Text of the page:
More Vitamin C May Mean Less Chance of Gout
Low Vitamin D Levels May Boost Men's Heart Attack Risk
Drinking Green Tea May Slow Prostate Cancer
MENTAL HEALTH
Massage Fosters Healing in Bereaved Relatives
Green Spaces Boost the Body and the Mind
The 3LS Wellness Program for Reversing Chronic Symptoms and Creating Lasting Health
PAIN
'Cell Phone Elbow' -- A New Ill for the Wired Age
Alleviating Rheumatoid Arthritis
Tai Chi May Help Ease Fibromyalgia
PHYSICAL THERAPY
PREGNANCY
For Baby and Mom Alike, Breast-Feeding May Be Best
Sugary Colas Tied to Gestational Diabetes
Prenatal Stress May Boost Baby's Asthma Risk
SENIORS
Memory Loss Help from Brain Supplement Prevagen
Many Cancer Survivors Don't Adopt Healthy Lifestyle
Community Exercise Programs Boost Seniors' Strength
SEXUAL HEALTH
SLEEP DISORDERS
Lose Weight, Sleep Apnea May Improve
Pay Attention to Signs That Say You're Too Fatigued to Drive
Moderate Aerobics May Ease Insomnia Symptoms
WOMEN'S HEALTH
Supportive Weigh-In Program Keeps Pounds Off
Being Active an Hour a Day Puts Brakes on Weight Gain
Whole Grains, Bran May Fight Hypertension in Men
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Poor Blood Sugar Control After Heart Surgery Impacts Outcomes

MONDAY, July 14 (HealthDay News) -- Maintaining proper blood sugar levels after heart surgery is essential, whether one is or isn't a diabetic, a new study shows.

The British report, published in Circulation, shows that poor blood sugar control in post-heart surgery patients is linked to a fourfold increase in death and major complications, such as heart attack, neurological, kidney, lung and gastrointestinal injury.

The research, involving 9,000 heart surgery patients, was conducted by a team at the University of Bristol in the U.K. More than half of the patients who developed moderate to poor blood sugar control after surgery were not thought to be diabetic, the researchers found.

Diabetes has long been tied to post-heart surgery problem. Many advances in operative and intensive care techniques for diabetic heart patients have been implemented in recent years.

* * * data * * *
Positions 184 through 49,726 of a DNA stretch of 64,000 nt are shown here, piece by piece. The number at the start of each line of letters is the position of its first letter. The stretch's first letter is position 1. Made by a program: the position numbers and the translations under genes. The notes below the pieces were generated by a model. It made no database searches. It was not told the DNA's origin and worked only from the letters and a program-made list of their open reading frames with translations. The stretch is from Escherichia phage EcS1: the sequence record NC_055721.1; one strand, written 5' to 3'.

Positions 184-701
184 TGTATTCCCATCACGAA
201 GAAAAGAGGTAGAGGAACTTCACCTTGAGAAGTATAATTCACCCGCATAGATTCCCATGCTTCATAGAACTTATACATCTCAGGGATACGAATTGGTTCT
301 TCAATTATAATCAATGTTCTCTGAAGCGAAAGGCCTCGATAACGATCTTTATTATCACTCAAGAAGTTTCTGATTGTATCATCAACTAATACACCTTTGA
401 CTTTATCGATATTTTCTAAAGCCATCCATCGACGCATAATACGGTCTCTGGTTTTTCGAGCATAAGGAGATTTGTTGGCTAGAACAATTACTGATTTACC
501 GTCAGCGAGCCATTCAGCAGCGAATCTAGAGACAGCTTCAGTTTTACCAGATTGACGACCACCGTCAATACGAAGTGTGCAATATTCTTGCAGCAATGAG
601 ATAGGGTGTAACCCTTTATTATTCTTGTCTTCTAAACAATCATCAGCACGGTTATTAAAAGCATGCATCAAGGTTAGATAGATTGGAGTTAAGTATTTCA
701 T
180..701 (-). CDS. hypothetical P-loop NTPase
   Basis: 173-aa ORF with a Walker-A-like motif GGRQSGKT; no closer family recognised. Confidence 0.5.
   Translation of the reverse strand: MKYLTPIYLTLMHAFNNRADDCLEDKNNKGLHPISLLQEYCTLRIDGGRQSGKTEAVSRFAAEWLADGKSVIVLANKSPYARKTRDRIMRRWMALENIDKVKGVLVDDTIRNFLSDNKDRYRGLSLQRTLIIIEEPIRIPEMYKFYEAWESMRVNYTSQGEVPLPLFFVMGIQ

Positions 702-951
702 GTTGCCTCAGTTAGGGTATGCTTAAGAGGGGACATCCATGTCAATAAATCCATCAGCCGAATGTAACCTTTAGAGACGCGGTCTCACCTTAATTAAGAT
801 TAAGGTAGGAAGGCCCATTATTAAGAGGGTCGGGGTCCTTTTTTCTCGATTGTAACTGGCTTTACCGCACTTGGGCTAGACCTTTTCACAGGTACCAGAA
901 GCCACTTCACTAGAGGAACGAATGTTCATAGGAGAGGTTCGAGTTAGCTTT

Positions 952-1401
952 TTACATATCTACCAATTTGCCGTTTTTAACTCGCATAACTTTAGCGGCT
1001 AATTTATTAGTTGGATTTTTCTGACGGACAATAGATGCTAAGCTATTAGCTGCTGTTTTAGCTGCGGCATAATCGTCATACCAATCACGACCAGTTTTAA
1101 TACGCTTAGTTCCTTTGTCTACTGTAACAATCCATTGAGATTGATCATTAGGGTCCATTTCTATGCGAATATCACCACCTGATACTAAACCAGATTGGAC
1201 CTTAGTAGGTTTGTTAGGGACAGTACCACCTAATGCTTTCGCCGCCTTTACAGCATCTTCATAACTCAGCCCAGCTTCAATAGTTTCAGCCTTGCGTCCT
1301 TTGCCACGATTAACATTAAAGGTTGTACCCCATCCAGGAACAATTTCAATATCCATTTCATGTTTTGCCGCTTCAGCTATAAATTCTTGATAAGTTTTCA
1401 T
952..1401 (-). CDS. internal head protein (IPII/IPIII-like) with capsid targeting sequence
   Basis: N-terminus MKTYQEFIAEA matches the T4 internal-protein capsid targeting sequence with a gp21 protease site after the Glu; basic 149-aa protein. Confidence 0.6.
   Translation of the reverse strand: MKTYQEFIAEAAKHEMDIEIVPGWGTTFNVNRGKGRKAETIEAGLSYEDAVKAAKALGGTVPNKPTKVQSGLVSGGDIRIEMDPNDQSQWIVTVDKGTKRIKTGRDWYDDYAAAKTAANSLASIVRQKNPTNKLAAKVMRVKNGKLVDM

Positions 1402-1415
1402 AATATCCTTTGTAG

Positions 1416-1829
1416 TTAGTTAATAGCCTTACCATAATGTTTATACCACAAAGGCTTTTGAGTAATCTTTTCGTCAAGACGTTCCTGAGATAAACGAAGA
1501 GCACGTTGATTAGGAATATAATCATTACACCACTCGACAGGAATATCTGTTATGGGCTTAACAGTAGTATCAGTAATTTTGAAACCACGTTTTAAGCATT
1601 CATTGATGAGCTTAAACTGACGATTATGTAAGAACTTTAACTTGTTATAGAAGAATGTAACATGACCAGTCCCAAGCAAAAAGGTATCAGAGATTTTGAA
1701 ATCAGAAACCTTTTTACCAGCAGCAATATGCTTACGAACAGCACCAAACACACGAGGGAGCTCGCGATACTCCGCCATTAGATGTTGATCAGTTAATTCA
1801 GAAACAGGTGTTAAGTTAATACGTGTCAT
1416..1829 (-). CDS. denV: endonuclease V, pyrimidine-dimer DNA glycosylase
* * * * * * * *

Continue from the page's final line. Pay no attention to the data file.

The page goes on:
"Currently, the absence of recognized guidelines is creating confusion on how to face the challenge of clinical conditions other than diabetes leading to derangement of glucose metabolism. The lack of rigorous research in this field does not help," lead researcher Raimondo Ascione, reader and consultant in Cardiac Surgery at the Bristol Heart Institute, said in a news release issued by the university.

He called for doctors to issue strict protocols to actively manage blood sugar in all patients admitted for major surgery.

Peter Weissberg is medical director of the British Heart Foundation, which co-funded the study. In the same news release, he noted that, "while previous research has shown blood sugar levels have an important impact on the outcome of patients suffering a heart attack, this study shows for the first time the same may also be true for patients undergoing heart surgery.

"This research provides the basis for further, in depth studies to try to understand how better sugar control can help save more lives during and after heart surger," he said.

More information

The National Diabetes Information Clearinghouse has more about diabetes and heart disease.



-- Kevin McKeever



SOURCE: University of Bristol, news release, July 8, 2008

Last Updated: July 14, 2008